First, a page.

In the past decade, leafy greens have been implicated in several outbreaks of foodborne illness, and research has focused on contamination during preharvest operations. Concerns have been raised that internalization of pathogens into the edible tissue occurs where postharvest chemical interventions would be ineffective. This study was initiated to measure the degree and fate of Escherichia coli O157:H7 internalized in the phyllosphere tissue of leafy greens when spray conditions, inoculum level, and type of leafy green were varied. Two spraying treatments were applied: (i) spraying individual spinach or lettuce leaves on plants once with a high dose (7 to 8 log CFU/ml) of E. coli O157:H7 and (ii) spraying spinach, lettuce, or parsley plants repeatedly (once per minute) with a low dose (2.7 to 4.2 log CFU/ml) of E. coli O157:H7 over a 10- to 20-min period. With the high-dose spray protocol, no significant differences in the prevalence of internalization occurred between Shiga toxin–negative E. coli O157:H7 isolates and virulent isolates (P > 0.05), implying that the Shiga toxin virulence factors did not influence internalization or the subsequent fate of those populations under these test conditions. Significantly greater internalization of E. coli O157:H7 occurred in spinach leaves compared with lettuce leaves when leaves were sprayed once with the high-dose inoculum (P < 0.05), whereas internalization was not observed in lettuce leaves but continued to be observed in spinach and parsley leaves following repeated spraying of the low-dose inoculum. Based on these results, it is surmised that a moisture film was generated when spraying was repeated and this film assisted in the mobilization of pathogen cells to plant apertures, such as stomata. E. coli O157:H7 cells that were internalized into spinach tissue using a low-dose repeat-spray protocol were temporary residents because they were not detected 2 days later, suggesting that plant-microbe interactions may be responsible.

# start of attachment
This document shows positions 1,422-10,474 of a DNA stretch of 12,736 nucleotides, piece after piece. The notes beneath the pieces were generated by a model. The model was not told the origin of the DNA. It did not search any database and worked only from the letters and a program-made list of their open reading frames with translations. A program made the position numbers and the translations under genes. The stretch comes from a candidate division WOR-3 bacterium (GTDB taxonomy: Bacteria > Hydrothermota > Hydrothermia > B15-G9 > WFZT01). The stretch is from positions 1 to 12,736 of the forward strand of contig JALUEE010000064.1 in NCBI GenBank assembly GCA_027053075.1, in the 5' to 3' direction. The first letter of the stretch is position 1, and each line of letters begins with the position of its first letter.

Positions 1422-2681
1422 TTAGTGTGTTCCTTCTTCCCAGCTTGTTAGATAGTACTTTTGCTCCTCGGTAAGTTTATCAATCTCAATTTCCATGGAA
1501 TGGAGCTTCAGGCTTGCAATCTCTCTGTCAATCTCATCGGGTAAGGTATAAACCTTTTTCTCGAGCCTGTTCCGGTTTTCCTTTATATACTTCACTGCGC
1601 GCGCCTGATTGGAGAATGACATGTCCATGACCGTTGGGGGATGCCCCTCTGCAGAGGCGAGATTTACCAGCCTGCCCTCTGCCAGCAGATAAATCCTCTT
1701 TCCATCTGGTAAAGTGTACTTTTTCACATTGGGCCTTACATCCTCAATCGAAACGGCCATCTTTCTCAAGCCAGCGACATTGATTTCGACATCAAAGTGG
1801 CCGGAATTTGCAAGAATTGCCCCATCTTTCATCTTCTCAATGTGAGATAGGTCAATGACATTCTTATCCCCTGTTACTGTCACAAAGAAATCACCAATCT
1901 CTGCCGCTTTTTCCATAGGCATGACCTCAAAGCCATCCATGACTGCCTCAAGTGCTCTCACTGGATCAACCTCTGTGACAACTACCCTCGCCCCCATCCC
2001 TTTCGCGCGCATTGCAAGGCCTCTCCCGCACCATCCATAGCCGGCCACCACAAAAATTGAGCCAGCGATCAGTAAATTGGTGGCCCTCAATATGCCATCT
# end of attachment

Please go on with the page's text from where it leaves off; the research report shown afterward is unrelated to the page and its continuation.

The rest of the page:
Journal of Food Protection®, Number 5, May 2014, pp. 696-863 , pp. 713-721(9)